The damp chimney breast was part of the left flank wall and I was eager to get outside and look at the wall from the other side. My approach tries to keep things simple, I ask myself 2 questions:

Where is the damp coming from, THE SOURCE; and

How is the moisture entering the property, THE PATHWAY.

Painted flank wall of house

I’m also very interested in anything that is preventing the wall from drying out. Modern materials usually prevent the building from drying out by entrapping moisture within the building fabric. Cement mortars and modern external paints are very impermermeable and entrap dampness, thus slowing the rate of drying to a minimum.

On this particular flank wall I noticed the following:

1. Very high external ground levels caused by crazy paving.

2. Flank wall painted with modern paint rather than limewash.

3. Brick wall pointed in cement mortar rather than lime mortar.

4. Air bricks very small and partially covered by crazy paving and paint.

5. The chimney flue has been capped and not vented, although a gas fire has been installed with flue liner.

Very high ground levels and blocked air brick

Having considered all these issues I came to the view that the internal dampness wasn’t caused by one single issue, more likely several factors working together to allow the build up of moisture. The most serious issue perhaps was the very high external ground levels caused by the crazy paving, which was providing a quick and easy route in for the moisture.

The real irony was that this flank wall was facing south west and after midday it would get full sun for a good 6 hours in summer. The intense radiation from the sun would dry out the wall in no time!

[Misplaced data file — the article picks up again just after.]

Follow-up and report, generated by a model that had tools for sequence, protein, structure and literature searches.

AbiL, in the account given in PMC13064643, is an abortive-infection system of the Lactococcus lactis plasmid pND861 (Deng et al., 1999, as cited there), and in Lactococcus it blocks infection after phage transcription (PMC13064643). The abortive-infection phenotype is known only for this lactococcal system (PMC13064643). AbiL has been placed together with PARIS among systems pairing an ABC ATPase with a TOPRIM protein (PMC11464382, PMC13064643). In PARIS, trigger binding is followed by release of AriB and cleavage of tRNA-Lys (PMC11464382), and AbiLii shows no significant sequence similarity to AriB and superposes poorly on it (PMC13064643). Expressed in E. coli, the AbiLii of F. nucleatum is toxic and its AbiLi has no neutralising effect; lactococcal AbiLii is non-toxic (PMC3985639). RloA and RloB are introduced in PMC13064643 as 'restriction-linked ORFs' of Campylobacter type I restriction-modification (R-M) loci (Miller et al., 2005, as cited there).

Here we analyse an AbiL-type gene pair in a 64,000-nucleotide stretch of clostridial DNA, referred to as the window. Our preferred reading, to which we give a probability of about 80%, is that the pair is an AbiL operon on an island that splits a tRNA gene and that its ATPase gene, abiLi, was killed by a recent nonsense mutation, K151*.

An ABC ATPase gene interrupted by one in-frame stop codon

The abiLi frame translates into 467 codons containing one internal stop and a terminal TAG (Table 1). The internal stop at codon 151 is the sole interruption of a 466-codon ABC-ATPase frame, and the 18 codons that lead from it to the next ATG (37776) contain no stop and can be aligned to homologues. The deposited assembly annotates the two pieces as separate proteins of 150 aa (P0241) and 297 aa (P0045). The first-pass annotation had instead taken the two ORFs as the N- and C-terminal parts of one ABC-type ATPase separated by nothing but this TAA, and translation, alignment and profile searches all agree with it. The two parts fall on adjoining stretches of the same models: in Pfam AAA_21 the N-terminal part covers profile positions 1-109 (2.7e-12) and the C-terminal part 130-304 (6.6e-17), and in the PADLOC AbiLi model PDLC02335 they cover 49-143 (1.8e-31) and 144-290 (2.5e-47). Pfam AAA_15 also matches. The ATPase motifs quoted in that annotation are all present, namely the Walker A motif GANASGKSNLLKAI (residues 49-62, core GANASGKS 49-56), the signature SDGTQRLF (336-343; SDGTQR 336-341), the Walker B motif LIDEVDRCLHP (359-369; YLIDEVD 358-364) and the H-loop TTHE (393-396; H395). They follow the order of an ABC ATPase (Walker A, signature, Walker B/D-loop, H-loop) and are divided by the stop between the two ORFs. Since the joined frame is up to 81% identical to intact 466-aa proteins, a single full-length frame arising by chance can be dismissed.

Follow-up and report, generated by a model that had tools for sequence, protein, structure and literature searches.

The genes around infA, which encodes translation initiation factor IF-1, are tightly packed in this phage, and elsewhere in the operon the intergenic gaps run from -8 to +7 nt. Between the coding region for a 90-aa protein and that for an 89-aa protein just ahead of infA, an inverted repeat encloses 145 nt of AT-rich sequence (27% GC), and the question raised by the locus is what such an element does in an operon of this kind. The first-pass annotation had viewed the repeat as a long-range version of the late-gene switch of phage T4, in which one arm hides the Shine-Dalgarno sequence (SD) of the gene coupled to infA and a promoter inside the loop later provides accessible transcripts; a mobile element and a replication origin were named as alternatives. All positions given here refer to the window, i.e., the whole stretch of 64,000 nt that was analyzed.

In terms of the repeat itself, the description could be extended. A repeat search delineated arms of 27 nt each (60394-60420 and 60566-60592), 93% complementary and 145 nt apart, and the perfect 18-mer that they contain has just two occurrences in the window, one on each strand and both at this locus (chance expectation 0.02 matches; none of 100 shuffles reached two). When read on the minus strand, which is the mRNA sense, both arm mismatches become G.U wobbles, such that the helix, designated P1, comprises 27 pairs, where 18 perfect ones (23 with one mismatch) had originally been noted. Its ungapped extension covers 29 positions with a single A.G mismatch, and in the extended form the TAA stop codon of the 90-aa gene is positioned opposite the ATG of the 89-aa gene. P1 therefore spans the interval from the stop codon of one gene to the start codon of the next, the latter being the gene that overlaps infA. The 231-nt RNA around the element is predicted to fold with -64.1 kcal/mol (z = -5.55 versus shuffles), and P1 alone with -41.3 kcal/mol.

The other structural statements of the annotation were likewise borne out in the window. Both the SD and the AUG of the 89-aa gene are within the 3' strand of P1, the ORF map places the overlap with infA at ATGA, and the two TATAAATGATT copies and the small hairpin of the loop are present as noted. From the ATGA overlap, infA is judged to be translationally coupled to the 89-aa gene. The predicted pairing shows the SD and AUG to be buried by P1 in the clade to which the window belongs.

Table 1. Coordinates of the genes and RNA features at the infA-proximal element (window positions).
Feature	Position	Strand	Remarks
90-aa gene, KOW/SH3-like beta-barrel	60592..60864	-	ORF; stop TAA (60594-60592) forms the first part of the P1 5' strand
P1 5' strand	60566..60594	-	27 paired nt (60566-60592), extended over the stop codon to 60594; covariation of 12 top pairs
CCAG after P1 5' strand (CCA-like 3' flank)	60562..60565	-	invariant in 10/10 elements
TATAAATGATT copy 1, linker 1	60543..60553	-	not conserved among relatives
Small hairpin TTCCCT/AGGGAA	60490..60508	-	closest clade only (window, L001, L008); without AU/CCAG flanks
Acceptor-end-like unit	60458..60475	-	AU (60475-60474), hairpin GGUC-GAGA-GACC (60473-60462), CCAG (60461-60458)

1. Lift the crazy paving, removed 18cm of subsoil and re-lay the crazy paving.

2. Remove the modern paint, raking out the cement mortar and repoint with lime mortar.

3. Vent the chimney flue top and bottom and use the gas fire in winter.

4. Increase the size and number of air bricks at the base of the wall.

Implementing these recommendations will allow the flank wall to gradually dry out over a number of years. JOB DONE!

  1. hi, excellent blog. how do you determine that the wall was cement mortar and not lime. is it the hardness? or something else?

    • jp

      The use of lime mortar is so rare these days that it is more than likely to be cement mortar.

      There is a simple test for lime and cement mortars. If you scrape your finger nail along cement mortar the nail will wear down, while if you scrape your nail along lime mortar the lime mortar will wear down.

      You refer to my post “My approach to damp diagnosis”. Having just got my front door frame finished, I think I’ll have another go at explaining my approach to dampness so people can understand that it isn’t rocket science, but simple observation and logic.

  2. ma701ss permalink

    Could you also have recommended creating a french drain instead of lifting the paving? Also, pleasse could you email me? I am a surveyor and would like to talk to you about something else!